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Epidemiologia e Serviços de Saúde

versión impresa ISSN 1679-4974versión On-line ISSN 2237-9622

Epidemiol. Serv. Saúde vol.29 no.3 Brasília jun. 2020  Epub 20-Mayo-2020 

Original article

Factors related to the dissatisfaction of users of specialized dental care centers in Brazil in 2014: a cross-sectional study*

Fabíola Bof de Andrade (orcid: 0000-0002-3467-3989)1  , Rafaela da Silveira Pinto (orcid: 0000-0002-6169-7708)2 

1Fundação Oswaldo Cruz, Instituto René Rachou, Belo Horizonte, MG, Brazil

2Universidade Federal de Minas Gerais, Departamento de Odontologia Social e Preventiva, Belo Horizonte, MG, Brazil



to evaluate factors related to the dissatisfaction of users of the specialized dental care centers (CEO) in Brazil.


this was a cross-sectional study with data from the Dental Specialty Center Access and Quality Improvement Program; the study was conducted in 2014 and included a non-probabilistic sample of users; those who answered that the service received was regular, poor or very poor were classified as dissatisfied.


a total of 8,730 users were included, 4.8% reported dissatisfaction; longer time taken to get to the service (OR=1.38 – 95%CI1.10;1.74), and longer waiting time until treatment (OR=1.37 – 95%CI1.07;1.75), were positively associated with dissatisfaction, whereas negative association was found with attention received (OR=0.12 – 95%CI0.09;0.16), the possibility of asking questions about treatment (OR=0.37 – 95%CI0.24;0.58), and receiving advice during treatment (OR=0.33 – 95%CI0.25;0.44).


prevalence of user dissatisfaction was low and was associated with factors related to service organization and receipt of information and support.

Key words: Patient Satisfaction; Oral Health; Secondary Care; Specialties, Dental; Cross-Sectional Studies


User satisfaction is an important marker of service quality,1 as it provides information about individual expectations in relation to different factors that form part of the health service evaluation process (e.g. structure and service organization, interpersonal relations between health workers and patients etc.).1 The ‘user satisfaction’ marker is useful for evaluating system and service quality, preparation and management.1 As such, service user dissatisfaction with health care is related to lower adherence to or interruption of treatment, less use of services and, consequently, poorer outcomes.6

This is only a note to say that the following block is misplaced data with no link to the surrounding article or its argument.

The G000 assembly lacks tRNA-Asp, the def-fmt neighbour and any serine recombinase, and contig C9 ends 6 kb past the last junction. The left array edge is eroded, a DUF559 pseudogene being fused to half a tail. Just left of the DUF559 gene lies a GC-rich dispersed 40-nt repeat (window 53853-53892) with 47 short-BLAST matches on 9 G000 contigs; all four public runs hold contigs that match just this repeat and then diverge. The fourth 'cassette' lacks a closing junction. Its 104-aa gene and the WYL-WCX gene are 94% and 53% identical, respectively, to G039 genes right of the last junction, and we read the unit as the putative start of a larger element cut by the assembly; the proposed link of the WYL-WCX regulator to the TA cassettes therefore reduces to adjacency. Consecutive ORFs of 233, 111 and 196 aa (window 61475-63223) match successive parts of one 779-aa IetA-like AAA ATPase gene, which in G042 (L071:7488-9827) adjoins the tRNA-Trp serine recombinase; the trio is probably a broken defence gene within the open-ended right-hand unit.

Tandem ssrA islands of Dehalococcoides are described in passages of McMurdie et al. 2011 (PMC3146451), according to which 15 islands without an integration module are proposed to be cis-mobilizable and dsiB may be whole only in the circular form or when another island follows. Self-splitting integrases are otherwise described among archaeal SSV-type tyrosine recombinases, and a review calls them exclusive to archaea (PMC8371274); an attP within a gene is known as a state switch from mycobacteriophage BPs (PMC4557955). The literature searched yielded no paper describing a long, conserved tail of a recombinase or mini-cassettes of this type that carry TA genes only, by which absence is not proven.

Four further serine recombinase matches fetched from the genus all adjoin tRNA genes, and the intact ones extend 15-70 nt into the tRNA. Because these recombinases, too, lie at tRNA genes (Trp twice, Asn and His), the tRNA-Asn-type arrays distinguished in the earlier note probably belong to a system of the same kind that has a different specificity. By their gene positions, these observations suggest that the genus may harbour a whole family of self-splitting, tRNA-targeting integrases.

Lack of service users’ views in the evaluation process leads to the result being biased by the views of service managers or health workers,4 since technical evaluation is different to evaluation made by service users.13 Blendon et al.13 found negative correlation between subjective evaluation by service users and the quality ranking for health systems estimated by the World Health Organization (WHO). The two countries with the best WHO evaluation were classified in 14th and 15th place in the opinion of their respective users.13 Differences between evaluations made by service users and health workers have also been found in relation to Primary Care dental services.14

Studies have been conducted to evaluate user satisfaction with the quality of health services provided to them, especially in high-income countries. In Brazil these studies began in the 1990s. In particular they were committed to making effective Social Monitoring and Participation, based on the participation of society in evaluating and planning the services provided by the health system.7 These studies are still incipient, even more so when they focus on specialized dental care services. There is no national estimate of Secondary Care service user satisfaction with regard to the specialized dental care centers (CEO). Studies available on this theme have involved CEOs in capital cities9 or states of the Northeast region,10 as well as one state in the Southeast.12 Despite differences in measuring outcomes, which hinders comparability between prevalence rates found, the results coincide with regard to finding high satisfaction among service users interviewed.

A study conducted in 2013 with service users attending CEOs in the state of Minas Gerais,12 found that better self-perception of oral health and less time spent waiting in the dental surgery increases the likelihood of satisfaction with the service provided.

The creation of the National Dental Specialty Center Access and Quality Improvement Program (PMAQ-CEO) in 2014 denotes Public Health recognition of the importance of evaluating the quality of the different stages and levels of this public dental service. PMAQ-CEO was designed to inform the definition of quality parameters and certification, with the aim of improving and expanding oral health care and prevention actions throughout the national territory, including evaluating satisfaction with these actions based on samples of service users.15